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Opinion: Kane Creek was supposed to be a 10-acre campground

It wasn’t clear where tourism would take Moab, but changing a 10-acre parcel to a commercial zoning seemed a thoughtful beginning.

(Photo courtesy of Doug McMurdo) A heavy equipment operator works on the Kane Creek development at King’s Bottom.

In the late 1980s, Moab was a town in painful transition. Mining had been a boom, but now was a bust. In an effort to seek new economic development, Moabites had chosen not to site a toxic waste incinerator nearby.

By the early 1990s, then-Grand County Commission Chair David Knutson was warning that depending on tourism alone for jobs, and Moab’s future, needed to be very carefully considered. Some tourists had already discovered the beauty of the river corridor and were camping in increasing numbers, freely using their camps as bathrooms. If tourism was to be an economic anchor, plans to intelligently manage the numbers of people coming needed to be developed quickly.

The Bureau of Land Management began to find areas along the Colorado River that could be developed into adequate campgrounds. The city and county examined existing infrastructure and sought advice about what would be needed to become a successful tourist destination.

In the midst of this, Charles Nelson was aware of the impending health problem caused by illegal and careless camping in the areas surrounding Moab. Exercising his lawful property rights, he proposed to the county commission that a 10-acre site he owned would provide a camping place close enough to the river, but far enough from town, to be an alternate and attractive place for campers.

He recognized that a formal campground would help put a stop to bathroom waste and campground litter, bring a little revenue to the family, and provide a beginning to the control of Moab’s tourism aspirations. He envisioned 10 acres of his much larger holding to be large enough to help the problem, but not so large or commercial as to impact the wetlands and adjacent river.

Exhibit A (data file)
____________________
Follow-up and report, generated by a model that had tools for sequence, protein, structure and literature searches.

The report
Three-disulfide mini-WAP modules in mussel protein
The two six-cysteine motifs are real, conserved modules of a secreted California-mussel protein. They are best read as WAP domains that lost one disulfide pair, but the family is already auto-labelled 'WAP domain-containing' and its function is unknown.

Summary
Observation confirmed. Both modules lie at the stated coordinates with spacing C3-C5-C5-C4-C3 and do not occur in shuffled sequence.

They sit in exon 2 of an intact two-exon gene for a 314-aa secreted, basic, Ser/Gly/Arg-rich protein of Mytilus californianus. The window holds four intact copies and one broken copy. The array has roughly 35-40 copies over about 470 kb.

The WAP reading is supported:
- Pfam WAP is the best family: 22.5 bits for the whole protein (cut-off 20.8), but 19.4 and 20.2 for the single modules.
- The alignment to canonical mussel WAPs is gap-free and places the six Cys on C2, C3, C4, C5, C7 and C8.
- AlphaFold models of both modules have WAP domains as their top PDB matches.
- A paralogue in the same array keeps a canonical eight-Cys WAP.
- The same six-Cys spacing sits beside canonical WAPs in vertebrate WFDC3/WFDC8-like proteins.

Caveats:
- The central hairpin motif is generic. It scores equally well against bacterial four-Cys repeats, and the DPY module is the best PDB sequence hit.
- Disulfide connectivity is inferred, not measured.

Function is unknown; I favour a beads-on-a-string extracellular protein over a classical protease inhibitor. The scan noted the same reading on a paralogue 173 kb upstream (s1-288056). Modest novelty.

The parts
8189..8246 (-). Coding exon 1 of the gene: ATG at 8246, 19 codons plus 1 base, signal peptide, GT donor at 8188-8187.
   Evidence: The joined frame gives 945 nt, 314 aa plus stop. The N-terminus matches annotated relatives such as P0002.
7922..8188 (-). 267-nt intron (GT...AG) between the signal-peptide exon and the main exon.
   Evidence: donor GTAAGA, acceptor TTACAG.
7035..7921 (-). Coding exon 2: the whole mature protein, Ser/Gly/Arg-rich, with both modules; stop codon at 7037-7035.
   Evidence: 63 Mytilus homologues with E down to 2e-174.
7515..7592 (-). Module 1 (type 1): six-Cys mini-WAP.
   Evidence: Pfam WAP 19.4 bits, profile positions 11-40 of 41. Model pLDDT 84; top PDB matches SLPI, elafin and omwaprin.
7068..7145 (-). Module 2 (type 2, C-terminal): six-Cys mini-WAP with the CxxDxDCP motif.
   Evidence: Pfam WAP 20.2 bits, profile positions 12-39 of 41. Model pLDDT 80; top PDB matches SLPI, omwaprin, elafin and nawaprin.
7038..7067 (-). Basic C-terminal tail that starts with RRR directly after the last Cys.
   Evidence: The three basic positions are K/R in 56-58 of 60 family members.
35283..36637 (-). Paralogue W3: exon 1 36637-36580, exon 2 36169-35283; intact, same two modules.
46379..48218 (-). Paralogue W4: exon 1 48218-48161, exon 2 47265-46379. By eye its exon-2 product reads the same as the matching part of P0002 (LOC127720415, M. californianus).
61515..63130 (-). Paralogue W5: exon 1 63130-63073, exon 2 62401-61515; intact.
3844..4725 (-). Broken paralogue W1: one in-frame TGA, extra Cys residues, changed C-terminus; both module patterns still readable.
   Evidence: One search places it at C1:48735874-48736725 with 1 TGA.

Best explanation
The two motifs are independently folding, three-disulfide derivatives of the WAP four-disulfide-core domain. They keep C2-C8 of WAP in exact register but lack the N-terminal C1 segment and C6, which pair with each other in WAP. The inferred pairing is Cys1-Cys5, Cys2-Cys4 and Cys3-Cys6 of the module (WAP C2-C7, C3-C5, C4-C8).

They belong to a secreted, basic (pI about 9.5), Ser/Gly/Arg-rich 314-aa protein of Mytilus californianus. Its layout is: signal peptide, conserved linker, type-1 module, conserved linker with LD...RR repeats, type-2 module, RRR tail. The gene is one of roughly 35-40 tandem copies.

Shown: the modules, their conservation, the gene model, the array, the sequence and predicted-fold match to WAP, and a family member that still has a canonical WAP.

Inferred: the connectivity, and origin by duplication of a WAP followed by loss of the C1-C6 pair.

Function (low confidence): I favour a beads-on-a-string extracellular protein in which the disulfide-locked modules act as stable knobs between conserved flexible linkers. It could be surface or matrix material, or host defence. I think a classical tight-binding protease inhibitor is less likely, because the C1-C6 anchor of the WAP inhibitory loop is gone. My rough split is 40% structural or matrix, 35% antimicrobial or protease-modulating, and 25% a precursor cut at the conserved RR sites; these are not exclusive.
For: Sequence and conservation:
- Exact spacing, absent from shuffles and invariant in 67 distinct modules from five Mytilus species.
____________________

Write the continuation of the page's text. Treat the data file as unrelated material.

His stated intent was to be a small part of helping the community adjust to a new role, while being mindful of being a good steward of land use.

At this time, it wasn’t clear where tourism would take Moab, but changing this 10-acre parcel to a commercial zoning seemed a thoughtful beginning. Planning commission and county commission notes reflect that much discussion of commercial impact and ecological issues occurred before a decision was made.

I was a Grand County Commissioner when this zoning change was proposed. This was still the time of handshake deals, and faith in honest business transactions. Above all, this was a time of changes, and decision makers were doing their very best to lead Moab to a successful future.

In this case, commissions and the landowner were in concert that both property rights and use of the land as a proposed campground were wisely and satisfactorily agreed upon. The minutes of the meeting to reach this decision reflect this agreement.

There are two important points in this history; one is evidenced by the request for a zone change: there was never an intent to create more than a modest commercial impact on the 10 acres of zone change agreed upon, evolved into the resulting ordinance, which includes many, many more acres than included in the original zone change application.

Sam Cunningham

Sam Cunnigham was a Grand County Commissioner in 1992.

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